Strong silent types

They look in­nocu­ous but this pair of Audis has enough grunt to see off more overtly sporty of­fer­ings

The Courier-Mail - Motoring - - Prestige - CRAIG DUFF

AUDI’S S4 sedan and wagon don’t rely on vis­ual ef­fects to make an im­pres­sion. They are very much stealth fight­ers, se­duc­ing buy­ers with per­for­mance rather than looks.

Key to that ap­peal is a tur­bocharged V6, an eight­speed auto (reg­u­lar A4s have a seven-speed du­al­clutch trans­mis­sion), beefier brakes, low­ered adap­tive sus­pen­sion and a rear­biased all-wheel-drive setup.

It may be hard to spot but it’s im­pos­si­ble not to no­tice once you’re un­der­way. What will re­ally at­tract at­ten­tion is the claimed $19,000 worth of ex­tra value in the new model.

Prices are down by more than $6000 com­pared to the out­go­ing model and Audi says it has also added $12,000 of equip­ment to the S4.

The sedan starts at $99,900; the wagon is $3000 more.

The stand­out fea­ture is a suite of driver as­sis­tance sys­tems un­ri­valled this side of the com­pany’s SQ7 SUV. The ex­haus­tive list runs from adap­tive cruise con­trol that can ease the car to a stop and ac­cel­er­ate to cruis­ing speed to rear crosstraf­fic alert and sen­sors to pre­vent driv­ers “door­ing” pass­ing cy­clists or cross­ing into the path of on­com­ing traf­fic.

Beyond that the S4 uses Audi’s yet-to-be-beaten “vir­tual cock­pit” dig­i­tal driver’s dis­play, which can be re­con­fig­ured to suit the driver’s taste. There are also adap­tive LED head­lamps, an 8.3-inch in­fo­tain­ment screen with An­droid Auto/ Ap­ple CarPlay, sat­nav, dig­i­tal ra­dio and am­bi­ent in­te­rior light­ing.

Audi prod­uct plan­ner Peter Strud­wicke says the S4 is a car for un­pre­ten­tiou s pres­tige per­for­mance fans.

“The phi­los­o­phy be­hind our S mod­els is to have a car a bit more sporty than our reg­u­lar mod­els with­out shout­ing about it,” he says.

A rear sports dif­fer­en­tial costs $2950 and there are a pair of op­tion packs for those will­ing to spend more.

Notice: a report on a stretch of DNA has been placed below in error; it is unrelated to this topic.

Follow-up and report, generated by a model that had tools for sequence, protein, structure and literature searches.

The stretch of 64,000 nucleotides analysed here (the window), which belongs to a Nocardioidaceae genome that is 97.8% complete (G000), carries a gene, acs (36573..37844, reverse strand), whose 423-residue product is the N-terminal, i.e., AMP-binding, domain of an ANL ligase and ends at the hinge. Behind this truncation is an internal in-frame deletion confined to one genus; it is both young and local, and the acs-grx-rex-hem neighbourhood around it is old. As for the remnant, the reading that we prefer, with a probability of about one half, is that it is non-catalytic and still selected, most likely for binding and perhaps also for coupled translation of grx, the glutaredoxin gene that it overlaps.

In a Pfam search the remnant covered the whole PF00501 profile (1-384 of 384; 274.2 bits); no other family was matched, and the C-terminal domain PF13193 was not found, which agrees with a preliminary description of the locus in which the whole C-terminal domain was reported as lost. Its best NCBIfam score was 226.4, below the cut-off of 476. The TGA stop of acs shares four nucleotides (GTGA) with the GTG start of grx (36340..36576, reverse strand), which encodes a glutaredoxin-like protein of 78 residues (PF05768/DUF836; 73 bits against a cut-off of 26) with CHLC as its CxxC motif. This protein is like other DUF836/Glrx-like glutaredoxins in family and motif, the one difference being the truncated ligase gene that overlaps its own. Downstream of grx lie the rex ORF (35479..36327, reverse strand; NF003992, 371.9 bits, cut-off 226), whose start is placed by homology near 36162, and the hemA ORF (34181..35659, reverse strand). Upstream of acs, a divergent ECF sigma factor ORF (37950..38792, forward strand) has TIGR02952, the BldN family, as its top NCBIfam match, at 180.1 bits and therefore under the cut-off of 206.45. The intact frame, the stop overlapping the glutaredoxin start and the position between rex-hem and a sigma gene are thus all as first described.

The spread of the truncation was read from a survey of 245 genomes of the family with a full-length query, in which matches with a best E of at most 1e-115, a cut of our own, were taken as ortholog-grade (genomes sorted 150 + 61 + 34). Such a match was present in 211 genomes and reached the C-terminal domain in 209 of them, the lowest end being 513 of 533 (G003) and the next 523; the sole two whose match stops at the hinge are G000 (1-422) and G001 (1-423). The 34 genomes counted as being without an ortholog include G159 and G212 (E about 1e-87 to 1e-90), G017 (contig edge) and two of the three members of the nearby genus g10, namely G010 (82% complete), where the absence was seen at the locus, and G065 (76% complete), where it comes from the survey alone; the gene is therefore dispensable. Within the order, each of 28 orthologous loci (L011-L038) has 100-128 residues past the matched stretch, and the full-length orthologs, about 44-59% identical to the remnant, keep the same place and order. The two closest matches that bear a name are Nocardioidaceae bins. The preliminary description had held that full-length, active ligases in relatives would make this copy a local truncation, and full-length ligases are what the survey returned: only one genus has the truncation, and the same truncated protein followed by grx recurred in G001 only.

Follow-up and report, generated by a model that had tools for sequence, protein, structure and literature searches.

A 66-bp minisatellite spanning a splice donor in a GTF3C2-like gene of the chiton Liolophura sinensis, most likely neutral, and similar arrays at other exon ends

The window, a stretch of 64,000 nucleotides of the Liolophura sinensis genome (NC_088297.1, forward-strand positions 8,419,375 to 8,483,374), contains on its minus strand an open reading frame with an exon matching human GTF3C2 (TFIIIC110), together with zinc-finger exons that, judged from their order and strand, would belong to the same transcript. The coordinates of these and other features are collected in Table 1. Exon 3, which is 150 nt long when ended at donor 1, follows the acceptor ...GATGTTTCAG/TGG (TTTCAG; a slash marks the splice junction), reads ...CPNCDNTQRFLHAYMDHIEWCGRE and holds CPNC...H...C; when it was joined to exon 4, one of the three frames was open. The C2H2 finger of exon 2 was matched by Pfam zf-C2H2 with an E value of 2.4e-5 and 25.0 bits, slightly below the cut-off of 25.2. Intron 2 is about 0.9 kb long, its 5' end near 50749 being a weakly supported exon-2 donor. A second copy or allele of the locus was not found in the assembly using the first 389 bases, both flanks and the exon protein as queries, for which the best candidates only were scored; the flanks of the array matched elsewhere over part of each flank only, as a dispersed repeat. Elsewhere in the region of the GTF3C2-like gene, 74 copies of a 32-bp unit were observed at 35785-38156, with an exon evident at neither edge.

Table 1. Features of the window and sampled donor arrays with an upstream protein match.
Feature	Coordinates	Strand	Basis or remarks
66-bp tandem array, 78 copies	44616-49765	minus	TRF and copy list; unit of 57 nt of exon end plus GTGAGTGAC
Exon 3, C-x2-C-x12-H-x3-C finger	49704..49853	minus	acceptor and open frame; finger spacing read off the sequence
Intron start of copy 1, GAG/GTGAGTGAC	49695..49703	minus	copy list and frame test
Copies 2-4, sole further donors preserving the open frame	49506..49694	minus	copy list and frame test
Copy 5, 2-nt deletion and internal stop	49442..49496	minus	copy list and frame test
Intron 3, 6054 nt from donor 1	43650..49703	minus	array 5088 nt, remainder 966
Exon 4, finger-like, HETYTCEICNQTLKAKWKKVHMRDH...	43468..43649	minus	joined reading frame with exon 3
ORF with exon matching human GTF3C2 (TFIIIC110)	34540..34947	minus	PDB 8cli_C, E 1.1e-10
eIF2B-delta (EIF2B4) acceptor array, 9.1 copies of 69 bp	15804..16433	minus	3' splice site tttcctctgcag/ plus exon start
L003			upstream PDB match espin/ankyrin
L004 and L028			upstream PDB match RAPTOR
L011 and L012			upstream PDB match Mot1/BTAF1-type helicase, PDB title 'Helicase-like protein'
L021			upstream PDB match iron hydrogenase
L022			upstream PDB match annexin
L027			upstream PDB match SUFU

The Tech­nik bun­dle adds ma­trix LED head­lamps, LED day­time run­ning lights, a head-up dis­play and a Bang and Olufsen 3D sound sys­tem for $5600. The $5900 S Per­for­mance pack wraps the dash in fake leather, adds car­bon in­lays, puts red paint on the brake cal­lipers and in­cludes nappa leather sports front seats with a mas­sage func­tion.


Com­mit­ted driv­ers may find oc­ca­sion to use the dy­namic set­ting for the S4’s adap­tive dampers; most will find the auto set­ting has more than enough scope to han­dle city cruis­ing and cor­ner carv­ing on Aus­tralia’s bat­tle-scarred roads.

It is that de­gree of com­pli­ance that will dif­fer­en­ti­ate the S4 from the yet-to-ar­rive RS4. The for­mer is a mid-sized pres­tige ve­hi­cle with a per­for­mance bent; the lat­ter is an all-out sports car than can be di­alled down to han­dle civic du­ties.

The S4’s au­to­matic trans­mis­sion shifts pretty seam­lessly in nor­mal mode, though there can be a mo­men­tary lag be­fore down­shift­ing if the car is at 80km/h and the driver prods for an in­stant surge to 100km/h. Pull the gear se­lec­tor to­wards you to en­gage sport and there’s far less de­lay but a no­tice­able nudge up and down the gears. En­gage the pad­dle shifters and the changes are fun, fast and ac­com­pa­nied by a sub­dued by steadily more stren­u­ous snarl as the tachome­ter heads for the 6500rpm red­line. There’s a hint of body roll through the turns but the sheer power of the en­gine and the grip from the 19inch Hankook tyres make this a quick car on back roads. Audi claims a 4.7sec­ond sprint to 100km/h and that level of ac­cel­er­a­tion is ev­i­dent at just about any speed. Ease into town and the S4 elic­its barely more at­ten­tion than a con­ven­tional A4 does — un­less, that is, you have left the trans­mis­sion in sport, in which case the Audi will hold se­cond gear and high revs in most sit­u­a­tions.


The Audi S4 isn’t a real sports car in­so­far as it does not stim­u­late all the senses — espe­cially the eyes and ears. The car sim­ply does the busi­ness in a pro­fes­sional and prac­tised man­ner and ri­val halo cars can eas­ily be em­bar­rassed when the bi­tu­men turns bendy.

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